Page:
Thanks to the Nebraska Citizen Science Forum for hosting my (online) talk about Mind Parasites and Mental Immune Systems. Great questions from the audience!
Join me and some of Pittsburgh's freethinkers as we discuss interesting aspects of the human condition. We meet at 7 pm on the first Thursday of each month. Join us, and bring a beverage!
In this talk, I previewed my forthcoming book about how we can boost our immunity to bad ideas. Sponsored by the Pittsburgh Freethought Community and held on May 13th, 2020.
I delivered this talk at the American Humanist Association's 2019 annual conference. It was held at Carnegie Mellon University, and live-streamed worldwide.
In this 2018 symposium in Free Inquiry magazine, Yuval Noah Harari and I defend competing views of humanism and its historical legacy.
As part of Carnegie Mellon University's 2017 Sagan Fest, I got to present our Carl Sagan Award to Richard Dawkins. We then discussed some of the philosophical issues raised by his work. Among other things, I invited him to explain his (largely overlooked) "Atheists for Jesus" essay!
In this talk at The Forum, I made the case that bad ideas are cultural "malware." Of course, cultures have immune systems that protect them, to one or another degree, from bad ideas. Unfortunately, these systems can be subverted by ideologies. Fortunately, we can learn to strengthen them against failure.
In this 2015 talk to the American Humanist Association, I argue that our answers to the question 'What matters?' need to be solidly science-based. More generally, something can only matter by making a real, causal difference for sentient beings.
In 2013, I got to give a talk at Harvard University about the 'Spirit of the Game' - the ethic of sportsmanship that pervades the sport of Ultimate frisbee - and how it changes the people who play it.
I gave this talk at Pittsburgh's Carnegie Science Center in roughly 2010. In it, I surveyed findings from evolutionary psychology, game theory, and ethology (the science of animal behavior). It was fun!
Pittsburgh's First Unitarian Church has a Sunday morning 'Forum' for presenting and discussing ideas. The organizers have afforded me multiple opportunities to speak with their wonderful community of inquiry.
This invited talk allowed me to share my (nonbeliever's) views about the afterlife with a delightful crowd of devout Catholics at St. Vincent College. Part of a series on Aging and Spirituality.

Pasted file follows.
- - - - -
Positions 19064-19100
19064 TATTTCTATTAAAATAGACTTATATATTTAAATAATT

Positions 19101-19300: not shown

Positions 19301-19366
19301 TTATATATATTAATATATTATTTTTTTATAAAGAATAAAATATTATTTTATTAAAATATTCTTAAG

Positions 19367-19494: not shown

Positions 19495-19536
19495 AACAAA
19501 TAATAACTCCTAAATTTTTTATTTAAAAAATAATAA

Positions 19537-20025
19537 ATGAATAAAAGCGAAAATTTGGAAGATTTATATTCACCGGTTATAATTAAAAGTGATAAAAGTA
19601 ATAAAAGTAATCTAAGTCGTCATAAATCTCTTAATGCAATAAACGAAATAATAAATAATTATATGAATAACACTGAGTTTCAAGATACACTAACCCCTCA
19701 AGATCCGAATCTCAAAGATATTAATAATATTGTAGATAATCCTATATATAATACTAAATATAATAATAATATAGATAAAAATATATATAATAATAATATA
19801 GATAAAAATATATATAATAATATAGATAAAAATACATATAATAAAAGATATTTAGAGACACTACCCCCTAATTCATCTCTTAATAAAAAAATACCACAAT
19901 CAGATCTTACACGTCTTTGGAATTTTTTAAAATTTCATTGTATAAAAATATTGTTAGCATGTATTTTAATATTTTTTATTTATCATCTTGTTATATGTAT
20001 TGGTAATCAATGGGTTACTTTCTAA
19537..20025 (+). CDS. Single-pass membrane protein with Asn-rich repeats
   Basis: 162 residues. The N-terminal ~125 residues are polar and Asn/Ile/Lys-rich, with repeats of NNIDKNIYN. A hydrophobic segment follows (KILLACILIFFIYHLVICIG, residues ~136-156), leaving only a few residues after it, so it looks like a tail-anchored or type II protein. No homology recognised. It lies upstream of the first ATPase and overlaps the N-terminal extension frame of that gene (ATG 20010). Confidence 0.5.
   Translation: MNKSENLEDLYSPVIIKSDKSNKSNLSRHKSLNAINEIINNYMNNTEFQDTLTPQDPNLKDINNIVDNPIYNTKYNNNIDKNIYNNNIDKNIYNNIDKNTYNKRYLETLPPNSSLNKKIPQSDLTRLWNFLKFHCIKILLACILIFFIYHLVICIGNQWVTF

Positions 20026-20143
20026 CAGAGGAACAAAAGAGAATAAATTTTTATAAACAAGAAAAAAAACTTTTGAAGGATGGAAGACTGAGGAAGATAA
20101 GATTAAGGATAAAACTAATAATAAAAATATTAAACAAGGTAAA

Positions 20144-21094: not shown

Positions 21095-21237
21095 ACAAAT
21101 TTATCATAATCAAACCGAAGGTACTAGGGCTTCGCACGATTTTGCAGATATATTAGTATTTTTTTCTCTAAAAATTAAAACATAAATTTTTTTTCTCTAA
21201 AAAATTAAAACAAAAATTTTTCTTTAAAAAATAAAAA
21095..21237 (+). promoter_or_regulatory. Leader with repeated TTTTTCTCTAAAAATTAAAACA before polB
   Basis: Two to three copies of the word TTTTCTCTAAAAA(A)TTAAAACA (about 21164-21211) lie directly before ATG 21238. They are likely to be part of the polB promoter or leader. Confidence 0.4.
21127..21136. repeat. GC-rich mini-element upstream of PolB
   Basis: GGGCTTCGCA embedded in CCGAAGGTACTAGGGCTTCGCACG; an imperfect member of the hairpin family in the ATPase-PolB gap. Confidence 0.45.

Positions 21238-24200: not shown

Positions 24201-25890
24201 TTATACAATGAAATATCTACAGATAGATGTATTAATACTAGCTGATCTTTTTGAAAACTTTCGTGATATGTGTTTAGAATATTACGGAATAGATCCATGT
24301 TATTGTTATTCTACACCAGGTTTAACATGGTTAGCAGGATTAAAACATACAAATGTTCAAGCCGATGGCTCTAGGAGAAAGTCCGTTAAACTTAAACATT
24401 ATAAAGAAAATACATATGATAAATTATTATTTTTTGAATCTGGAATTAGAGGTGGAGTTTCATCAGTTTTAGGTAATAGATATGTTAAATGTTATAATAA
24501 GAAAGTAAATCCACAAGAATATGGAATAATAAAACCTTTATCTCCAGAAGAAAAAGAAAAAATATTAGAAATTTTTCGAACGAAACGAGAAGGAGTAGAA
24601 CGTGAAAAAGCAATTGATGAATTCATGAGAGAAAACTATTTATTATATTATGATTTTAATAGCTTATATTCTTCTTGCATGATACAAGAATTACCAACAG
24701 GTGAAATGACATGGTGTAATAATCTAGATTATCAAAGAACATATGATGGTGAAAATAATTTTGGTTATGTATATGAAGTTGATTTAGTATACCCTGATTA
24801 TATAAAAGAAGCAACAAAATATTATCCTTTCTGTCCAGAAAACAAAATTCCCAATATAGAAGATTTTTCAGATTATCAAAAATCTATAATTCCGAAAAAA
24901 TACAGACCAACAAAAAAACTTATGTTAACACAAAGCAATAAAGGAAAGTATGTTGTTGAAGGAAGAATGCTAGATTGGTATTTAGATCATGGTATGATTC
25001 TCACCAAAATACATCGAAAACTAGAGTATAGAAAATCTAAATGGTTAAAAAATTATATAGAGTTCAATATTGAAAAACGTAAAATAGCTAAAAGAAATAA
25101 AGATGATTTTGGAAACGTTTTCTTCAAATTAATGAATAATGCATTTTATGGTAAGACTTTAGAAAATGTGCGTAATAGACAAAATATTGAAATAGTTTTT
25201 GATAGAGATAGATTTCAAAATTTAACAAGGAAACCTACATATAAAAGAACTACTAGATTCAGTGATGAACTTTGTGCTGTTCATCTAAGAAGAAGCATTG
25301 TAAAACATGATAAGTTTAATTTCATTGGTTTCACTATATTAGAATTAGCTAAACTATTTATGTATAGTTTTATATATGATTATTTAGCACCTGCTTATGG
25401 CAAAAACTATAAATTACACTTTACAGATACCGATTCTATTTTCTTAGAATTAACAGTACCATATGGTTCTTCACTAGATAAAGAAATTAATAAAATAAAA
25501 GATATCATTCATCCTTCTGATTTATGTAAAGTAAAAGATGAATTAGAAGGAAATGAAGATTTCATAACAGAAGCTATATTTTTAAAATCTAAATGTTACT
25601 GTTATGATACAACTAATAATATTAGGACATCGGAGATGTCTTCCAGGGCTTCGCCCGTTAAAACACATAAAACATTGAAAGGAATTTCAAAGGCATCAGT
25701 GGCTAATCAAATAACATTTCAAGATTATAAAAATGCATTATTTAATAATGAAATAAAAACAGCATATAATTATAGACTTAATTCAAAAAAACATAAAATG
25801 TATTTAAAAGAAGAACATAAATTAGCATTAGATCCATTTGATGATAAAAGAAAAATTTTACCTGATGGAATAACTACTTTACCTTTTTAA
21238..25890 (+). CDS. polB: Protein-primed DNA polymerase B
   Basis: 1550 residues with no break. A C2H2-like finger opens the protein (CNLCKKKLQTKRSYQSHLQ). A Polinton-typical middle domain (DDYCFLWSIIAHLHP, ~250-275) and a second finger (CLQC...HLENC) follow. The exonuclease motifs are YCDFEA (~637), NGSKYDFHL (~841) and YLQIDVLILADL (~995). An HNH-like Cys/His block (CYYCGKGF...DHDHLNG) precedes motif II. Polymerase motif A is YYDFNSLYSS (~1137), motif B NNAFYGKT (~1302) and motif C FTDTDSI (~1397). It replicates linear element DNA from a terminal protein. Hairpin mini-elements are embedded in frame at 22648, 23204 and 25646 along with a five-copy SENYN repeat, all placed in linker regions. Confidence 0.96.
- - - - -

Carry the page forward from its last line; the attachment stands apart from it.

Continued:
In this 2019 event at Carnegie Mellon University, I offered a humanist's point of view on faith. My counterpart was Professor of Biology David Lahti, who offered a Christian point of view. Sponsored by my friends at the Veritas Forum.
In this 2018 talk at The Evolution Institute, I argued that minds and cultures have immune systems, and something comparable to HIV is actively compromising our nation's immunity to destructive ideas.
Shortly after the horrific terrorist attacks on Paris, France, I published this op-ed in the Pittsburgh Post-Gazette. In it, I diagnose the root causes of violent extremism, and offer a solution. The piece was later picked up and reprinted by Free Inquiry magazine.
This event featured a Christian and a humanist modeling interfaith dialogue before a sizable audience at a local (Pittsburgh) church. I presented a humanist point of view, and tried to show why faith tends to become an obstacle to a genuine meeting of the minds.
This public lecture at Carnegie Mellon University in 2012 kicked off the University's eight year Humanism Initiative. (I still direct it.) My talk, titled "Out Your Doubt!" encouraged humanists and freethinkers to come out of the closet, and take pride in their secular values.
Way back in 1995, SUNY Oswego asked me to deliver their annual Warren Steinkraus Lecture on Human Ideals. I gave a paper titled "Teaching Wisdom."
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